We often hear aliʻi in conjunction with pageants and other places where our chiefs are portrayed. Yes, aliʻi means “chief, chiefess, officer, ruler, monarch, king, queen.” And aliʻi nui then is the “High Chief.” Now days we often hear mōʻī for king, but he was an aliʻi nui in the old days.
If you listen to the weather forecasts, you will often hear the name ʻAlenuihāhā, our Hawaiian word for today. It is the name of the channel between Hawaiʻi and Maui, and is often mispronounced. It means “great billows smashing.”
Wai means “water.” Wai is a very important thing to Hawaiians, and for that reason is included in many names – both place names, such as Waimānalo, Waikīkī, and Waiehu. And in many family and given names. Wai can be used for any type of liquid except sea water.
Puaʻa means “pig, swine, hog, pork.” And although it is a commonly used Hawaiian word, even in English conversation, it is often mispronounced. Say puaʻa as in kamapuaʻa. Puʻa is also another pronunciation you might hear, especially among native speakers.
Wai wai means “goods, property, assets, valuables, value, worth, wealth.” We most often hear wai wai to mean “rich, wealth, or value,” as in the popular song “Iesū me ke kanaka wai wai,” – Jesus and the Rich Man – written by Johnny Almeida.
One of the Hawaiian words first learned by most non-Hawaiians is wahine for “woman.” Kāne for “man” and wahine for “woman” are often painted on restroom doors. It also means “lady, wife, female, queen in a deck of cards” and even femininity.
Paʻa is a very commonly used word that can mean “firm, solid, tight, adhering, durable, fast, fixed, stuck, secure, closed,” and so much more. Paʻa ā paʻa means held fast, so hoʻo paʻa means to make fast, to bind.
Kāne is the Hawaiian word for “man.” You see this often in names like Kāneʻohe, which means “bamboo man,” and in many family names as well. It is also used for “male, husband, male sweetheart, and masculine.”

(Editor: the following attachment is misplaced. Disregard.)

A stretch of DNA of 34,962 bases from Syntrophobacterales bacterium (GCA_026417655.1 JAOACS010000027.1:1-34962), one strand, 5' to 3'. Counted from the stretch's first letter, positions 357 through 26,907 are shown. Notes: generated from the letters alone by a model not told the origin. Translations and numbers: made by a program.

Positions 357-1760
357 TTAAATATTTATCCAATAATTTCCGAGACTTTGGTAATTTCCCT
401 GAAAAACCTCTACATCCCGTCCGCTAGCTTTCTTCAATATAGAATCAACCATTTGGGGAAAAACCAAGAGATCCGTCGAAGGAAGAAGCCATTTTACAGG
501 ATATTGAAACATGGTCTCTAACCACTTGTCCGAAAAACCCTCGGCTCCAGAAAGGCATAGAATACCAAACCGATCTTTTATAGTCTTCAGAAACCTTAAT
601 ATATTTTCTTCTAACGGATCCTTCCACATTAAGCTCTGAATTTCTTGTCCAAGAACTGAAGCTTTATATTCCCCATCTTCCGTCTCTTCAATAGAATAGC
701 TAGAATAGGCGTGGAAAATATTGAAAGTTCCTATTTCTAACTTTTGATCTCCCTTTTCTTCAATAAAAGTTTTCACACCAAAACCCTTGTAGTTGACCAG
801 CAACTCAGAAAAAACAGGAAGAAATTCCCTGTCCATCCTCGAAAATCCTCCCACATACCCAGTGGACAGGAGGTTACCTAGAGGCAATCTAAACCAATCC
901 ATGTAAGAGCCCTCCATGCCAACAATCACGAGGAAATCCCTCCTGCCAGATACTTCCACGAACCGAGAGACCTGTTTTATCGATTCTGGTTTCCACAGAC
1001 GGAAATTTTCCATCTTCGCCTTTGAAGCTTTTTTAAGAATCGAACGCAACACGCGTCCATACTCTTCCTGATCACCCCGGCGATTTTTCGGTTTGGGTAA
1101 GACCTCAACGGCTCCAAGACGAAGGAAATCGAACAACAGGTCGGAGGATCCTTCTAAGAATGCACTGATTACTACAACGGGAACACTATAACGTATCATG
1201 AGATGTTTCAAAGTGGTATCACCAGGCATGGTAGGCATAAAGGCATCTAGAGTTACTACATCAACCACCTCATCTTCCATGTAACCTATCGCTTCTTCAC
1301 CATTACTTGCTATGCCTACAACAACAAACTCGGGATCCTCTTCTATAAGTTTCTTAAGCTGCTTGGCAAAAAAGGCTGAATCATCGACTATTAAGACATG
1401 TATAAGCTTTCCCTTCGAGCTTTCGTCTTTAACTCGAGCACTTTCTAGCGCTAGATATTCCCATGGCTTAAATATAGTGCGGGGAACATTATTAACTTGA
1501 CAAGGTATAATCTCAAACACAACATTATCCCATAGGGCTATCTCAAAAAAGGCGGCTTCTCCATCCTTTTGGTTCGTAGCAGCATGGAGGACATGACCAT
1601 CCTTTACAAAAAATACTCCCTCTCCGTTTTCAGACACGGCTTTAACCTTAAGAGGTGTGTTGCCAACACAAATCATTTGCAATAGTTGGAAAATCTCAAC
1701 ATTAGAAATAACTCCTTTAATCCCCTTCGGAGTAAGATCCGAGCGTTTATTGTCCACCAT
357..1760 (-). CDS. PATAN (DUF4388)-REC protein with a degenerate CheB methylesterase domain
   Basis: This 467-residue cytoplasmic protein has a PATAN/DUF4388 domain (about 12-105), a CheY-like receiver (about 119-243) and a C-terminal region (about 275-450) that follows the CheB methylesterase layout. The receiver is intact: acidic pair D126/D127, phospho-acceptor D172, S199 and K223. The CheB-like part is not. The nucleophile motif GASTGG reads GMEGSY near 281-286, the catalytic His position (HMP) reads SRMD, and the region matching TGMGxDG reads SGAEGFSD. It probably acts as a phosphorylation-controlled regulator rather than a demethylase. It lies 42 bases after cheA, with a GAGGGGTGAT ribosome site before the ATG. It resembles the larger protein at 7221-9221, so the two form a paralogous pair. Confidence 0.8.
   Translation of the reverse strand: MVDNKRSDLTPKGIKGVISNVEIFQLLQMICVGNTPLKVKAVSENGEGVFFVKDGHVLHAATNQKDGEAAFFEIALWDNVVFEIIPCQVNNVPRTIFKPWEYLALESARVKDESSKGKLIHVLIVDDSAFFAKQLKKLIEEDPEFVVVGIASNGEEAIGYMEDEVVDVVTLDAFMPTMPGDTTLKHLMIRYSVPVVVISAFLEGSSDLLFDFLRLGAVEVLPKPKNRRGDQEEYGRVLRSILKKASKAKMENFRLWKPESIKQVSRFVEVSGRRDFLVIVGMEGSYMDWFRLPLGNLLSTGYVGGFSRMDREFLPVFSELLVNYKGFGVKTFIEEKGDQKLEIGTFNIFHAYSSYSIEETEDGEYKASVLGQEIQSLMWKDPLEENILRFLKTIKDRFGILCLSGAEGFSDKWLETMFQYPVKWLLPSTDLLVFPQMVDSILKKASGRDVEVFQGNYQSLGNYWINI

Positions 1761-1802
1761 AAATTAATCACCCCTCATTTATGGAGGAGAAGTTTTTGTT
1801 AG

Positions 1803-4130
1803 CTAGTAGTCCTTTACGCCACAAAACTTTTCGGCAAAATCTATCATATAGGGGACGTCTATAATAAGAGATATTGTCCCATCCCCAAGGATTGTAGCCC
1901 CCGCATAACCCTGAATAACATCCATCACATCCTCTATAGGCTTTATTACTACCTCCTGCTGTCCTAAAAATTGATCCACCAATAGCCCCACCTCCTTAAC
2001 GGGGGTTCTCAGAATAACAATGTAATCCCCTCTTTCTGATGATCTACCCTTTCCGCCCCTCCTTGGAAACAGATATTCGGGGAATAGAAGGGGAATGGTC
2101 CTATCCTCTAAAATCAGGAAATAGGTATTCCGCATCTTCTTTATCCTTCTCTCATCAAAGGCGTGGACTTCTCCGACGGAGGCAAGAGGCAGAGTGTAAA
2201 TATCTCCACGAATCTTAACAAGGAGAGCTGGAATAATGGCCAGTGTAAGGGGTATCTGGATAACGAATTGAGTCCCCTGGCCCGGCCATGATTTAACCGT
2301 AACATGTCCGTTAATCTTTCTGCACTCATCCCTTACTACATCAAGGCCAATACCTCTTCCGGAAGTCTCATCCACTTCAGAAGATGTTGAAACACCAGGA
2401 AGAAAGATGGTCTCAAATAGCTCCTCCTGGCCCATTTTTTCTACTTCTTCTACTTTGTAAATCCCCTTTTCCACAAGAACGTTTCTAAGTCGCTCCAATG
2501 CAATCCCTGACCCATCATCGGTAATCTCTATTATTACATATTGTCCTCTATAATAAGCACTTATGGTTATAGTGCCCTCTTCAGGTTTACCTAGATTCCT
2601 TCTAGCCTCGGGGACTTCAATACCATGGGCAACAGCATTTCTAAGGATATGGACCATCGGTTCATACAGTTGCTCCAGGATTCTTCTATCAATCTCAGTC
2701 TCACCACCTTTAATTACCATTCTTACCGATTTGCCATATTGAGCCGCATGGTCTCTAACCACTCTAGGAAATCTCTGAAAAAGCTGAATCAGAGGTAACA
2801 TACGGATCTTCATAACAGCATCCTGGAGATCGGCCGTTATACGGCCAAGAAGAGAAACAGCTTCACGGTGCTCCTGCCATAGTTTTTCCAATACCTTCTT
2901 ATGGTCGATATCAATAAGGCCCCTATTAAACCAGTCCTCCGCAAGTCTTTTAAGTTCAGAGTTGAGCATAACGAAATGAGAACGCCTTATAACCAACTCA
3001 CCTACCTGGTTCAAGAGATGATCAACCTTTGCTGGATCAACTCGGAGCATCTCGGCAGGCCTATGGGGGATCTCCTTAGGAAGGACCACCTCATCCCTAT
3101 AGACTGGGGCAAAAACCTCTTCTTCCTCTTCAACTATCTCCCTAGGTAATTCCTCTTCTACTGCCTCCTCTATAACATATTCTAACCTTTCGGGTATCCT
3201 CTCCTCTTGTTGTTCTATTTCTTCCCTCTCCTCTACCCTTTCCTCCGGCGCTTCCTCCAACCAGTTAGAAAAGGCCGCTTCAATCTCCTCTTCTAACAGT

Most people who live in Hawaiʻi know what a maile lei is, but it is one of those Hawaiian words that is all too often mispronounced. Maile is a native twining shrub with shiny, fragrant leaves, used for decorations and lei, especially on important occasions. Maile is pronounced “mai-lei,” not to be confused with the Leeward Oʻahu community called Māʻili.
We used to see so many signs that read “kapu” that people joked about Kapu being a Hawaiian who owned all that land. Actually, kapu, means taboo, prohibition, or even sacredness, or forbidden. And yes, on those signs it has come to mean “keep out.”
Our Hawaiian Word of the Day is the name of our state, Hawaiʻi. It is pronounced either as “Hawaiʻi” or “Havaiʻi.” Yes, either is okay. Language experts say you can pronounce it with a “w” or a “v” if that sound follows an “a.”
Puakō is the name of a place on the Big Island, a beautiful place on the Kohala Coast where some 3,000 petroglyphs have been found. It means sugar cane blossom. “Pua”is blossom and the modifier “kō” means sugar cane.
Our Hawaiian word for today, hāpai, is one most people in Hawaiʻi already know and use, even in English conversation. It means to carry, and is most often used to describe a woman who is expecting a baby. It also means “to lift, raise, hoist, hold up, or support.”
Although it is often mispronounced, muʻumuʻu is one of the best known of Hawaiian words. It means “cut off, shortened,” and is the name so often given to a large fitting gown, because the yoke was often missing, and the sleeves short. It's first meaning, however, is “amputated, maimed.”